Before I adopted my cat, Telford, a former feral with two different colored eyes, I’d gotten into a bad habit of rolling out of bed mere minutes before starting work 10 steps away. Now—although one big paw on the delete key did force me to retype this sentence several times—the simple act of feeding him breakfast has imbued my days with a sense of purpose.
I’m not alone. “Pandemic pets” are a whole thing. A survey by Seattle-based canine-care app Rover shows almost half of its respondents got their dogs between March 2020 and January 2021 (some even went so far as to give their unsuspecting new family members pandemic-themed names, like Covi, Corona, and Dr. Fauci, according to a peek at Rover’s user database). The vast majority say they brought home a four-legged friend for emotional support, or because they needed something positive in their lives. More time at home, more time to dedicate to a fuzzy little cure for pandemic-induced depression. Right?
Actually, interest in animal rescue—nearly two-thirds of pandemic pet parents adopted—“always, always, always” increases amid disasters, per Melody Stone, adoption program manager at Seattle Humane Society. It’s our instinct to help in times of trouble, she says: After hurricanes and mudslides, “what you usually see is your community coming together.” With fears of contagion spreading, we couldn’t physically be there for humans. It’s no wonder we reached out for pets.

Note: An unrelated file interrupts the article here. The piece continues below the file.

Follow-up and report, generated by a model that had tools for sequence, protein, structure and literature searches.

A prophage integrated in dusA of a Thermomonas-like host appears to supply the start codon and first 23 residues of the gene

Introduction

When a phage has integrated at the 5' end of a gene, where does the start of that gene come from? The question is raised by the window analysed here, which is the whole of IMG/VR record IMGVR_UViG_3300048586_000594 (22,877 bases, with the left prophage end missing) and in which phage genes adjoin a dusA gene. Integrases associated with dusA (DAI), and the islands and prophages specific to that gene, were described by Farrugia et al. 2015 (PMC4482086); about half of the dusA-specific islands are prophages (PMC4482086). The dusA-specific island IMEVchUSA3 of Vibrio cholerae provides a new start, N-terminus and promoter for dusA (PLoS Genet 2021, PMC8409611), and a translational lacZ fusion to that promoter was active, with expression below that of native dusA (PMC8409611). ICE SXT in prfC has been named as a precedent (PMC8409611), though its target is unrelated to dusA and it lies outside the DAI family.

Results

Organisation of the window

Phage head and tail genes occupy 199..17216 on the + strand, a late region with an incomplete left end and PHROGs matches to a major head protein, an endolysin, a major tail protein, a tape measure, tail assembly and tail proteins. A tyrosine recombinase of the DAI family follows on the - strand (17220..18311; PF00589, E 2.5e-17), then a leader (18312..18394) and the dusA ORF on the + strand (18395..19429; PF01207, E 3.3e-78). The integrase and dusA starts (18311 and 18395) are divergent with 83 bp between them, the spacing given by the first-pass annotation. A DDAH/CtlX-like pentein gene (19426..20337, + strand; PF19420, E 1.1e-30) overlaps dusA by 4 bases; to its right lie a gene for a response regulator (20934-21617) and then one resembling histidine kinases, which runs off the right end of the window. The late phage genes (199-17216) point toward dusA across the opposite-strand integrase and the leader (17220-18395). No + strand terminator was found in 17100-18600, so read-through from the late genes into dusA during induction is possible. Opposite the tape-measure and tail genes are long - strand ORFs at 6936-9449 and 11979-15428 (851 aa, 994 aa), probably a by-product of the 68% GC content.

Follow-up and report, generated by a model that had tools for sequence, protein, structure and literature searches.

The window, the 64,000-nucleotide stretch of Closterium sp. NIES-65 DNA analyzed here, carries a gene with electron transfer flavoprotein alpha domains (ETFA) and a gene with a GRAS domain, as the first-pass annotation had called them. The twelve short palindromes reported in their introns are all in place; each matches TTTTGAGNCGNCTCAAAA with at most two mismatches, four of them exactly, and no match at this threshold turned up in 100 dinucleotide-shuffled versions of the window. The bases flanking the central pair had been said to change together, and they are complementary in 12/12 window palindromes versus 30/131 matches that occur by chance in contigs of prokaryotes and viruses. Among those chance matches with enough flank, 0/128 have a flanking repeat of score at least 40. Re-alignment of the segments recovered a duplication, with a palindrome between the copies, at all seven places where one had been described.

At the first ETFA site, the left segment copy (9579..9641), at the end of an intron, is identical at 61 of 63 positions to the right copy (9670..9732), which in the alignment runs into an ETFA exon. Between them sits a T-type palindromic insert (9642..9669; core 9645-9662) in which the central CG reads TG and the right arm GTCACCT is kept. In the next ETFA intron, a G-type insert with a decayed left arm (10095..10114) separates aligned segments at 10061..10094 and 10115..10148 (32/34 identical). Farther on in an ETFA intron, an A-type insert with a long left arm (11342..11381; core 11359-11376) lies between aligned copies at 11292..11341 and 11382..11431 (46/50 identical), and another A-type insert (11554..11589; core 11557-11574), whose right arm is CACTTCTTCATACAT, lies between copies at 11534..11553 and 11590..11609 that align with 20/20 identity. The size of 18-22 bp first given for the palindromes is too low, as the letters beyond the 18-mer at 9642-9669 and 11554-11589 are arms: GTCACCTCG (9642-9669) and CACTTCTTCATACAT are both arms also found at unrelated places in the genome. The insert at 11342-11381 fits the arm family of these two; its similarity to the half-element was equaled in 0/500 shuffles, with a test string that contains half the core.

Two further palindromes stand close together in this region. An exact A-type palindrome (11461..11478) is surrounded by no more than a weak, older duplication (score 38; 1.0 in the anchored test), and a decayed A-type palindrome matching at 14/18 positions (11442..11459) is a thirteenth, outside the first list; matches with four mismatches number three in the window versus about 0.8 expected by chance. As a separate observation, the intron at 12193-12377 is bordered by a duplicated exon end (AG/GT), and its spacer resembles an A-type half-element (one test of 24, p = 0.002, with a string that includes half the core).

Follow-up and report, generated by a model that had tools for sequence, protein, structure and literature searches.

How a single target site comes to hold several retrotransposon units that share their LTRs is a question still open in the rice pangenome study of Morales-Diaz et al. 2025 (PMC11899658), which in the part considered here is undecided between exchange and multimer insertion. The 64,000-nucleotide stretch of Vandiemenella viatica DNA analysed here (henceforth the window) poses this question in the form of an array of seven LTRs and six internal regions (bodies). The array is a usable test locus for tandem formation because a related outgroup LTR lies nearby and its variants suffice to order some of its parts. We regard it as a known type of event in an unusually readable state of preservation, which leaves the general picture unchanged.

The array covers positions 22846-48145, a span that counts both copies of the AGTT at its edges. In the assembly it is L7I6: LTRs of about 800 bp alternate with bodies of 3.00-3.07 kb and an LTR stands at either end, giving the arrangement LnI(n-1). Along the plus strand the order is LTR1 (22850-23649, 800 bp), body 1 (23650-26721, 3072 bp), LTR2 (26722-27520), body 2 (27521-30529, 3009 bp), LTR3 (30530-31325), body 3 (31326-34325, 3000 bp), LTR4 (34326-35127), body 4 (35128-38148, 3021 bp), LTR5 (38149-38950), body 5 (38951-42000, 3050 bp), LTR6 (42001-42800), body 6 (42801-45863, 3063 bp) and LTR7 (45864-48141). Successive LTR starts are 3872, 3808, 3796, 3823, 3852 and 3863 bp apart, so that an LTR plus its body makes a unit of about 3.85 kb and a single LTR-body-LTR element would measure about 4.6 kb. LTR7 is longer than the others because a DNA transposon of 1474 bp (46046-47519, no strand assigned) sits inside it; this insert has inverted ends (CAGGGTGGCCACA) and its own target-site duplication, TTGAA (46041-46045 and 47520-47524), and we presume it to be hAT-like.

While adoptions received the bulk of the attention, Stone says the pandemic prompted an even greater bump in foster volunteers. At one point, she estimates, 90 percent of Seattle Humane Society animals were staying in homes, rather than at the shelter.
Dare we call it a silver lining? Stone calls it unmistakable: “People have really taken advantage of the predicament they were in and opened their hearts and homes to pets.”